Have baggage, will travel

Hardknocks songwriter Justin Townes Earle in Cincinnati

By L. Kent Wolgamott

Photo: Justin Townes Earle will perform at The Taft Theatre in Cincinnati on Oct. 29; photo: Joshua Black Wilkins

Justin Townes Earle is now a clean and sober happily married man, riding on buses with his new band, touring behind a pair of records that were released recently three months apart and contemplating a move out of Nashville.

But don’t try to tell him he’s settled down and found his place in the world.

“I have no definite plans for the future except to be with my wife,” Earle says in a phone interview. “There’s no telling where I’m going to end up on the next record or where I’m going to move, if I move. I hope I never get anywhere or get to the point where I say ‘I’ve got this.’ That’s the point where your journey stops. I never want to arrive. I want to keep the art going, going, going.”

Earle began making his art, writing songs, as a teenager growing up hard and fast in East Nashville.

He is the son of Steve Earle, the hard-living Texas singer-songwriter, who left Justin and his mom when the boy was a toddler. He was raised by his mom, Carol Ann Hunter, who worked three jobs to support herself and her boy.

His first new record is titled Single Mothers, a tribute to Hunter. But the title cut, like the rest of Earle’s songs, shouldn’t be read literally.

“There’s some autobiographical content in there,” he says. “But they’re not 100 percent based on my experience. I like to base my songs on feeling. I write a hard beginning, middle and end. You’re writing something in shorthand, in the most condensed way you can. I would only reach one percent of people if I wrote ‘I got sad and shot dope.’ If I write, ‘I got sad’ people can relate.”

“Shooting dope” is a reference to Earle’s well-documented history of drug and alcohol abuse that began when he was 12 years old—“Have baggage, will travel,” he quips. But the 32-year-old has been clean for two years, after a relapse ended eight years of sobriety.

Single Mothers was followed in January by album number two, Absent Fathers.

“They were recorded at the exact same time in the same recording session,” he says. “We did 22 songs in 10 days. We didn’t overdub my vocals or guitar. We let the guitar player go in and do some solos. There’s no such thing as a bass solo on my records.”

“We” is Earle’s new band, Paul Niehaus of Calexico and Lambchop on guitar and pedal steel, and drummer Matt Pence and bassist Mark Hedman from the folk band Centro-Matic.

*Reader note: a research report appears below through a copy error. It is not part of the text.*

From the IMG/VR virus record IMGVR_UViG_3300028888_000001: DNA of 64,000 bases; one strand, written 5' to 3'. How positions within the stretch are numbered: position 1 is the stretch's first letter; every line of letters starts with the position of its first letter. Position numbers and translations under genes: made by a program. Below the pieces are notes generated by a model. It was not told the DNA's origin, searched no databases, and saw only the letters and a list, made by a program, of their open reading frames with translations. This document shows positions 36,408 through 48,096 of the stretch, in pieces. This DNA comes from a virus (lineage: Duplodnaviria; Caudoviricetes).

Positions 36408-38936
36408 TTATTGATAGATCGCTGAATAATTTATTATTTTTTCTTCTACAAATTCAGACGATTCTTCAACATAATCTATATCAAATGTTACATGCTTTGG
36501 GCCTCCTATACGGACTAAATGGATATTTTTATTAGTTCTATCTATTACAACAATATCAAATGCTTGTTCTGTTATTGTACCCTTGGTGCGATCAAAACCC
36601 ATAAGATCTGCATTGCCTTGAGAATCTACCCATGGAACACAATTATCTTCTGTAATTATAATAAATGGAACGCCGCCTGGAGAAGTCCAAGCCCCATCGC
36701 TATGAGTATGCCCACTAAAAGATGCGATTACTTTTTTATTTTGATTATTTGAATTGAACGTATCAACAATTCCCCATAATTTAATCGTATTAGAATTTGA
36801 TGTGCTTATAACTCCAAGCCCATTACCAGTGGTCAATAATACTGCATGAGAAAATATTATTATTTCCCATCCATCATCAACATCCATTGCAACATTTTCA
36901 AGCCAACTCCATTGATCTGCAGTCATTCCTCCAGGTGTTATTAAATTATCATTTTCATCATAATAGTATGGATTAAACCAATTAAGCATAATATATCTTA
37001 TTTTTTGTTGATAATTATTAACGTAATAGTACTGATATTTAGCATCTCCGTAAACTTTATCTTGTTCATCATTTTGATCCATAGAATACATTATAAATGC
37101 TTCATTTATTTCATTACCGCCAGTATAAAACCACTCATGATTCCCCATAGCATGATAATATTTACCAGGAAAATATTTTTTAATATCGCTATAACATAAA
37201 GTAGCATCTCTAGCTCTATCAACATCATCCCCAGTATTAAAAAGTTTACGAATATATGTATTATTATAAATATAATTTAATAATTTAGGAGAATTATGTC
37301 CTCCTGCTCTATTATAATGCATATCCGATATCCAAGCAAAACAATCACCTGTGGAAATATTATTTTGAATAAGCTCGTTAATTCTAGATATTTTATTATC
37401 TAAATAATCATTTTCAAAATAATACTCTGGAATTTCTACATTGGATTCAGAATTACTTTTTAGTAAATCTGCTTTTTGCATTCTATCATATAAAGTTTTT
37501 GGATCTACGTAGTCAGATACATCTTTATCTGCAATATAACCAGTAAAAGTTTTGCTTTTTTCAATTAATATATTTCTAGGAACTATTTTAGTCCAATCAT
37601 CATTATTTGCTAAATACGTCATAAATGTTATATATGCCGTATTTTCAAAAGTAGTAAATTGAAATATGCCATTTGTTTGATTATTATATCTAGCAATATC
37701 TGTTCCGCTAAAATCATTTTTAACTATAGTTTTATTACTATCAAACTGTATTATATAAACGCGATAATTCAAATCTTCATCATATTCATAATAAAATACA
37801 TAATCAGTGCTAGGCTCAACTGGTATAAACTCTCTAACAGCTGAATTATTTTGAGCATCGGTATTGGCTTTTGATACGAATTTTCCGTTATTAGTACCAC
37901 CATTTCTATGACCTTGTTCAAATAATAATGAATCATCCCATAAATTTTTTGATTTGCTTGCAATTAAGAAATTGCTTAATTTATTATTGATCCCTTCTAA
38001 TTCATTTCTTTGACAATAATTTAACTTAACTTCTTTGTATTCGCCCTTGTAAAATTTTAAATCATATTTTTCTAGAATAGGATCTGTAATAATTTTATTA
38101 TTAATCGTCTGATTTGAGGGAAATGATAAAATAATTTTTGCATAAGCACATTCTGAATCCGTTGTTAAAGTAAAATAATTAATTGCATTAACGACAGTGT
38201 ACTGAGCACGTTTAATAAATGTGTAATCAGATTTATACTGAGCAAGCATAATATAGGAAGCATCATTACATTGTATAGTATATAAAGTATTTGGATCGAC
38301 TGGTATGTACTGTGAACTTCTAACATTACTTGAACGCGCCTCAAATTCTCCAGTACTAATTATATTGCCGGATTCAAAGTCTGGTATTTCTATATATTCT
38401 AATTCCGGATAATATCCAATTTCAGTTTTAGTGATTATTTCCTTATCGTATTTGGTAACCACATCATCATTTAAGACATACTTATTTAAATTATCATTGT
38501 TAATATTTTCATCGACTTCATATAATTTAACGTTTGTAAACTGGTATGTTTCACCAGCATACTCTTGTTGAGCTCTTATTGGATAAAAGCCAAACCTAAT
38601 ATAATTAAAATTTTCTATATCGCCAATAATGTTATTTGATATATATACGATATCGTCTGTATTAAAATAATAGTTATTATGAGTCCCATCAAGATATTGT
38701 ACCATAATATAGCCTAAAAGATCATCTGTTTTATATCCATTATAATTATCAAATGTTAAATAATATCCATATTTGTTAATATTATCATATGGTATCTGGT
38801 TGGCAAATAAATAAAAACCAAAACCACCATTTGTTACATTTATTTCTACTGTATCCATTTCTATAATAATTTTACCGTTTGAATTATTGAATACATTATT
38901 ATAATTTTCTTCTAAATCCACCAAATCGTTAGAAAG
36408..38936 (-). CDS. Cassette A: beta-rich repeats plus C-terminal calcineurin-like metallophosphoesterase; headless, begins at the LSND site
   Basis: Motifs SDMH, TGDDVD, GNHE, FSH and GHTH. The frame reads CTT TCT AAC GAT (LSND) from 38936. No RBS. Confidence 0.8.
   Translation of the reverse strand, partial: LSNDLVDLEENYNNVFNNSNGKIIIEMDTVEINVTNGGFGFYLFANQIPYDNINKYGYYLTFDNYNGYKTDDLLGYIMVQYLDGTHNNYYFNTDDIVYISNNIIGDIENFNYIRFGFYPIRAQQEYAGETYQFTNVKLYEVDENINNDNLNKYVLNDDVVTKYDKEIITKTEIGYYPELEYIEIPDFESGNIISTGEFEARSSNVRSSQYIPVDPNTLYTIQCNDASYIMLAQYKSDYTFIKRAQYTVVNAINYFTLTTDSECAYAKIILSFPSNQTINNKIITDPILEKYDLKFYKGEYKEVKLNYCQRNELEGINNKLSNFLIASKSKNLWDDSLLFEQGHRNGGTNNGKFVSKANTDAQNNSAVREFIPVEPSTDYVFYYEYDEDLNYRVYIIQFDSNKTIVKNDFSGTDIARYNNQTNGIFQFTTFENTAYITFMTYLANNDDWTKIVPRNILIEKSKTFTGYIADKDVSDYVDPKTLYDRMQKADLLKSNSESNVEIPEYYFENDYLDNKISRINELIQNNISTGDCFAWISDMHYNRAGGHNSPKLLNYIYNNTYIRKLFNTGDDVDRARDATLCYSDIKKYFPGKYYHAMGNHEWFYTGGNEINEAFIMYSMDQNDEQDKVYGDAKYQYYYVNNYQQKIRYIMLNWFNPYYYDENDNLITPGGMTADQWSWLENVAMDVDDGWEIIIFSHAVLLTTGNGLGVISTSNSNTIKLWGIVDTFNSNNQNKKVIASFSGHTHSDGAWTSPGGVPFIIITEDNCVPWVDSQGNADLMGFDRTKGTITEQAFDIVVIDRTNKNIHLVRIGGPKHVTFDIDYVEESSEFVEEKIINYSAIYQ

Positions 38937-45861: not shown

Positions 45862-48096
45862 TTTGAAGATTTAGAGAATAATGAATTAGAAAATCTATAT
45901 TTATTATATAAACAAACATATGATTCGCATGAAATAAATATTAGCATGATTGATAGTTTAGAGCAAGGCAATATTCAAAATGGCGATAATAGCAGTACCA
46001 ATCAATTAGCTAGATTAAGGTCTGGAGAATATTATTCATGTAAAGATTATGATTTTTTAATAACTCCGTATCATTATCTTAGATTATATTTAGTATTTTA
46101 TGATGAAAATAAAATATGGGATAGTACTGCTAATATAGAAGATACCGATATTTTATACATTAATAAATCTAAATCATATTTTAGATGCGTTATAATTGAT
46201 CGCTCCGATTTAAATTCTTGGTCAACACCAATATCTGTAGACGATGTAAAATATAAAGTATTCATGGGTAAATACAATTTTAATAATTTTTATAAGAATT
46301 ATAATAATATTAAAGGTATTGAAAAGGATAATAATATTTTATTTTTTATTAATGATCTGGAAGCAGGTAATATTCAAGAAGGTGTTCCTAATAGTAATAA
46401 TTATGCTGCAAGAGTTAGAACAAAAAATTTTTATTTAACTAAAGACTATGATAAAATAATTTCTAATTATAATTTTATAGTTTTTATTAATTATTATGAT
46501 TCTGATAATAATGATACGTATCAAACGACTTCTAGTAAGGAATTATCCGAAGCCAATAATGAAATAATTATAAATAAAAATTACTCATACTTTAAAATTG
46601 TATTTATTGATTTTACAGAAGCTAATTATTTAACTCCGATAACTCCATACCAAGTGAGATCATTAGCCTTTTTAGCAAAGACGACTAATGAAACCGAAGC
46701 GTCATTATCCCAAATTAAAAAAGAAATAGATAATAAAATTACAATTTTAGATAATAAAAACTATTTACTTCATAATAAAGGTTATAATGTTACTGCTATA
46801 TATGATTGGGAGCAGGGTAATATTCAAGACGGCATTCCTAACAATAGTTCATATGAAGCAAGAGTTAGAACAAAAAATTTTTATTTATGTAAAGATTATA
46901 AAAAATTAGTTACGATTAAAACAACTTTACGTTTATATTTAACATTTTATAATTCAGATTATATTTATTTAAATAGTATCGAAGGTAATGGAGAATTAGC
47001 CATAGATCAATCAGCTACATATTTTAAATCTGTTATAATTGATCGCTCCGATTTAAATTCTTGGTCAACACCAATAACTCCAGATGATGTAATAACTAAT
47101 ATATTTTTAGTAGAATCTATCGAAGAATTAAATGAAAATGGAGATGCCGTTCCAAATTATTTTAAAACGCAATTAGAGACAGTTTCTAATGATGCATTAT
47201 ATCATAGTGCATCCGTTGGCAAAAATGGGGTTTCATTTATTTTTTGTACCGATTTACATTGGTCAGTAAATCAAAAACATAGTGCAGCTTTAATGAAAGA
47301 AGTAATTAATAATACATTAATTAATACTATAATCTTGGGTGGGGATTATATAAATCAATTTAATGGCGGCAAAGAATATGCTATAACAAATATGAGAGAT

“I picked up their rhythm section,” Earle says. “It’s been amazing playing with those guys. They definitely have not been touched by the Nashville sound. I literally remember when I was 17 years old I wanted to play with Paul Niehaus and wanted to make a record with Centro-Matic. I kind of got there.”

Single Mothers and Absent Fathers find yet another change in Earle’s sound, which has moved from the folk and old time blues of his earliest record through the gospel tinged country of 2010’s Harlem River Blues to his current Southern music amalgam that adds R&B to the mix.

“I have a severe lack of patience,” Earle says of his musical changes.” I’m probably the ADD poster child for America. There’s so much music I’ve been exposed to being from the Southeast.

“With the exception of hip-hop, every single form of American popular music has come from the Southeast,” he says. “I’d love to make a traditional jazz record someday. But I’ll have to become a much better guitar player to do that. But you’ll never get an electronic record out of me. You’ll never get a big, overblown, synthetic record out of me.”

It took awhile for Single Mothers to come out as the headstrong Earle got in a tussle with the record label that was initially going to release the disc.

“Nobody’s going to tell me how to make my record and what to sound like,” he says. “One of the things I took from my father was music business stuff, things to do and not to do. I’ve been living with that my whole life. I had an $800-a-week publishing deal when I was 17-18 years old. Those don’t exist now.”

Earle and “my boys” (as he calls his band) have been on tour for much of the past year and are doing another round of dates this fall. Playing with a band has altered Earle’s performance style.

“I’m playing guitar completely differently,” Earle says. “The claw hammer banjo thing does not work with this band. We were looking at Booker T and the MGs. Steve Cropper (MGs guitarist) rarely played two strings at a time. Paul will answer me and I’ll answer him and we’ll get something going together. And you can tell the bass players and the drummers in the crowd because they’re staring at the rhythm section.”

Justin Townes Earle will perform on Thursday, Oct. 29 at The Taft Theatre, 317 E. Fifth St. in Cincinnati. The show begins at 8:30 p.m. For tickets and more information, please visit justintownesearle.com.

Reach DCP freelance writer L. Kent Wolgamott at LKentWolgamott@DaytonCityPaper.com.

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Reach DCP freelance writer L. Kent Wolgamott at LKentWolgamott@DaytonCityPaper.com

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